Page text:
The last bullet point above asks “What else can I do other than eat that actually may address the real problem.” This is the key to the whole process. This involves choosing alternative behaviors rather than eating that actually addresses the emotional distress that is leading you to eat. This is where actual change occurs. By choosing an alternative behavior you are actively shifting out of autopilot and proving to yourself that you are capable of making change and that you are not a drone who must obey the urge to eat. I strongly recommend that one of your alternative behaviors be contemplation and journaling. It’s great to develop alternatives to eating, but even better to gain a more thorough understanding of WHY you feel the need to do anything at all.

One could make the argument that simply choosing an alternative to eating without becoming aware of why you need to do anything at all is just running away from your discomfort. For example, exercising instead of eating might be good for your health, but it doesn’t go any further in terms of helping you understand what’s causing your emotional upset and how to address it. I’m not suggesting that you need to make yourself miserable, but it is important that you learn what is creating your discomfort. It is also essential to learn that you can tolerate emotional discomfort which I discussed in my previous article on willpower.

Seeking professional help or group support is definitely worth consideration if you are struggling on your own. Whatever new strategies you employ, you must practice your strategies every day. Your emotional eating autopilot evolved over a series of years and is quite ingrained. New strategies are going to take a while to take hold and become second nature. Keep the log of your eating long after you think it’s necessary. Keep the sticky square notes around for awhile. It’s important to know that you are going to have setbacks when you resort to emotional eating. Every battle will not be a victory. When these setbacks occur, don’t “catastrophize.” As I said in a previous article, it’s important that you not categorize everything into good or bad, pass or fail. Stop being critical and demeaning of your shortcomings and missteps. If you have a bad day at the Chinese buffet, it’s just one high-calorie meal. It doesn’t mean a thing…unless you tell yourself it does. If you tell yourself it’s a bad day, it becomes a bad day. Tell yourself that your Chinese meal ruined the weekend and you’ve ruined the weekend. Suddenly you’re telling yourself that Friday is a wash and that you might as well give yourself the weekend to have some fun promising that you’ll get back on track on Monday, only Monday never comes. How you think is everything.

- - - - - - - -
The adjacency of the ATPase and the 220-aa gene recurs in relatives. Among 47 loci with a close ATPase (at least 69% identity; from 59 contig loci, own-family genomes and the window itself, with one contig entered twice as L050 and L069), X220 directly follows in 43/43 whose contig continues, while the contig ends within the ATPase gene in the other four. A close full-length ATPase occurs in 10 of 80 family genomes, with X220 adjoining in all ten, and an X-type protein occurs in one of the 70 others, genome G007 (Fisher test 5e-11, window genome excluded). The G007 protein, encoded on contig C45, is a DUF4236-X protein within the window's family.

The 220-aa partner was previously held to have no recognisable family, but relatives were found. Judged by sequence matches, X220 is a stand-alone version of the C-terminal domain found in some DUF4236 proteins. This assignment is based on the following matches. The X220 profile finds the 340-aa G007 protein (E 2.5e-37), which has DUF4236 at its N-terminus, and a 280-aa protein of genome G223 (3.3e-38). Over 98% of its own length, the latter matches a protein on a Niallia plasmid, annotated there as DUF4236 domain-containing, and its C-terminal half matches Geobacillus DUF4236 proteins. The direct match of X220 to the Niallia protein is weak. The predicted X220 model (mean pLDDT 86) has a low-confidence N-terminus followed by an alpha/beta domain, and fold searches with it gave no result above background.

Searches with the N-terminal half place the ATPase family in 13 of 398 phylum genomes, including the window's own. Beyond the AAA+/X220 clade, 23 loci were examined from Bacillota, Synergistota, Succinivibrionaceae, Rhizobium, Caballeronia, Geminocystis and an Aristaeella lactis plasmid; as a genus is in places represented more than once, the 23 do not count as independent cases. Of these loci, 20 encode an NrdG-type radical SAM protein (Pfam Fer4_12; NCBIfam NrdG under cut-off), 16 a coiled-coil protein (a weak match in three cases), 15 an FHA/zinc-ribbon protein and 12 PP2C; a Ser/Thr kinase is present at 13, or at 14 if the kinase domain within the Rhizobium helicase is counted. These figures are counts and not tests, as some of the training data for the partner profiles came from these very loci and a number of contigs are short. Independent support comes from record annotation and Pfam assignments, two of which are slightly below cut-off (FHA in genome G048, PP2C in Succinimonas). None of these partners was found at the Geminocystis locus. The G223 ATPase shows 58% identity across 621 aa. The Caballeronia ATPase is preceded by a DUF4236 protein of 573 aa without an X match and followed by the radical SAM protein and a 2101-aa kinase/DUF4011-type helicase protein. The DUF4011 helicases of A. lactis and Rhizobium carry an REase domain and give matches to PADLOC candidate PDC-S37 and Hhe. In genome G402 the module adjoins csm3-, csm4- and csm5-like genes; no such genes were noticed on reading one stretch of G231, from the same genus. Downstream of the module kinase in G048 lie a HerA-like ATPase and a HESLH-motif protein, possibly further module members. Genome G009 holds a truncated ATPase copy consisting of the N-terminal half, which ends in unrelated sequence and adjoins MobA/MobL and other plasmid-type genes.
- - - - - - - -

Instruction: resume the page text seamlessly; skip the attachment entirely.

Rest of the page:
Did your choice of strategy help? Were you able to close the cabinet and go back to the couch without a snack? Were you able to diminish your emotional upset some other way with some effectiveness? These are the questions you need to ask to implement the new changes. It is very unlikely that you’ll find one strategy that works all the time. Calling a friend might help some times, while taking a walk might help at others. Keep track of which strategies are helpful and under which circumstances so you can develop a whole toolbox of ways to combat emotional eating and better take care of yourself.

Going Forward

Most of the people that I have known who seem to have won the battle with emotional eating will admit that they’re still fighting the fight even years later. Although their new habits are strong and the old pattern of emotional eating seems to be gone, they still show up from time to time. I think about all of the people who told me how well they were doing on their diets and on their eating behavior change plans prior to 9/11/01 who recalled the whole thing seeming to unwind overnight in the face of such an incredibly stressful event.

So many people tell me their goal is to be cured from the pull of emotional eating. They want the urges to eat in response to these negative feelings to stop occurring in the first place. While this is an understandable goal, it is not necessary one. If you really do your homework and learn new behaviors, learn to tolerate some discomfort and hopefully get at some of the other issues affecting your eating, through time, your new habits will become stronger and stronger and it will become far easier to resist the urge to eat. Even if the day when you no longer even consider eating never comes, it won't need to. You'll be able to handle it. Best Wishes!


Warren L. Huberman, Ph.D.

Clinical Psychologist licensed in NY & NJ

Clinical Instructor in the Department of Psychiatry at NYU Medical Center and also affiliated with Lenox Hill Hospital.

Maintains a private practice in Manhattan.